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Key fintech sustainability trends to watch in 2024

The future of fintech sustainability hinges on the mainstream adoption of innovative technologies, including carbon-offsetting mobile solutions, green loans, and the rise of digital payments, paving the way for environmentally friendly cryptocurrencies and reducing the environmental impact across the financial sector.

  • Editorial Team
  • May 3, 2024
  • 8 minutes

The significance of fintech sustainability in 2024 cannot be overstated, evolving not merely as a trend but as a fundamental shift within the financial services sector. This shift underscores sustainability as a core operational mandate, propelled by the integration of artificial intelligence, blockchain, and digital payments into everyday financial transactions.

The landscape of fintech is being reshaped by digital wallets, contactless payments, and green fintech technologies, making the pursuit of eco-friendly solutions a license to operate in the modern financial world.

As we navigate through 2024, these are the key fintech sustainability trends signalling a promising outlook for green fintech:

  1. Open banking and sustainability

Open banking is revolutionising the financial landscape by mandating that banks share data with third parties, thus promoting competition, transparency, and customer control over finances. This legislative push is integral to fostering a sustainable future within the fintech sector. Here are the key ways open banking is influencing sustainability:

  • Enhanced financial ecosystem efficiency: By making certain banking data public, open banking fosters a more connected financial ecosystem. This connectivity allows for sustainability to be a primary consideration in financial operations.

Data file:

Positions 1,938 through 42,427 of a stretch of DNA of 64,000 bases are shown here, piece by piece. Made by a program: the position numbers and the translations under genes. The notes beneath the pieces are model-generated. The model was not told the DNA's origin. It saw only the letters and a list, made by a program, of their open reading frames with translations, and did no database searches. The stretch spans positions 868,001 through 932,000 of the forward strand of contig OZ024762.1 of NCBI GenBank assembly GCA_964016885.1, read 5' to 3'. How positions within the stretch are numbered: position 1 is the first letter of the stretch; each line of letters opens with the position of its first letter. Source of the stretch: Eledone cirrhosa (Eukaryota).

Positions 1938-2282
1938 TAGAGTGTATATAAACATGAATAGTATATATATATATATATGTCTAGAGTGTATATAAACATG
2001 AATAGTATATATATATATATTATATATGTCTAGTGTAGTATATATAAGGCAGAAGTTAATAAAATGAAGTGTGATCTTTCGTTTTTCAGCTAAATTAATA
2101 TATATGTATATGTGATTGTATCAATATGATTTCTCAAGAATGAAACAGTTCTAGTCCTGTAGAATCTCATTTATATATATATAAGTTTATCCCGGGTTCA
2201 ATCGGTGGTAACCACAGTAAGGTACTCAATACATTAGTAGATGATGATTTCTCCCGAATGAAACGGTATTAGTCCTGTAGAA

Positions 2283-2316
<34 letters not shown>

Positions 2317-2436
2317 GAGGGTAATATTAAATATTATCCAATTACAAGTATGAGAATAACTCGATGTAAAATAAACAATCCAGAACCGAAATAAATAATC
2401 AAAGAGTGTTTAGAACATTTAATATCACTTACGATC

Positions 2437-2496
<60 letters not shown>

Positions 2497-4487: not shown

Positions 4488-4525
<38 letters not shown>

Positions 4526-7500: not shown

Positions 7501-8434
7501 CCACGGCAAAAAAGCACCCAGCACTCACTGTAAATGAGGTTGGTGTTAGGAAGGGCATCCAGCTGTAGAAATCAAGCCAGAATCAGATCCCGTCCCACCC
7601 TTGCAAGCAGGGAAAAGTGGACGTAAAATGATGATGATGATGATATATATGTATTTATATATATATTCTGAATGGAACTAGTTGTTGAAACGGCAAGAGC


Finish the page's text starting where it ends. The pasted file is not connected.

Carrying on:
• Innovation in payment solutions: Expected to significantly impact the payments space in 2024, innovations like Pay by Bank and Variable Recurring Payments (VRP) facilitate instant and secure transactions. These methods not only offer convenience but also reduce the need for physical banking resources, aligning with sustainability goals.
  • Support for small and medium-sized enterprises (SMEs): Open banking enables a comprehensive view of an SME’s financial health, leading to faster and more personalised financing solutions. This support is crucial for SMEs that prioritise sustainable practices but may lack the resources for big-scale transformations.
  • Regulatory and digital advancements: As regulatory pressure mounts, especially in Europe, to manage sustainability-related risks, open banking is at the forefront, enabling new digital services that help reduce carbon footprints. Tools like Greenly and Svalna leverage open banking to provide users insights into their environmental impact, promoting conscious financial decisions.
  • The Perseus Project: This initiative is particularly notable as it seeks to create a trustworthy framework correlating energy generation with usage data without the need for blockchain or cloud monopolies. This project exemplifies how open banking can facilitate significant green investments by ensuring transparency and trust in sustainability reporting.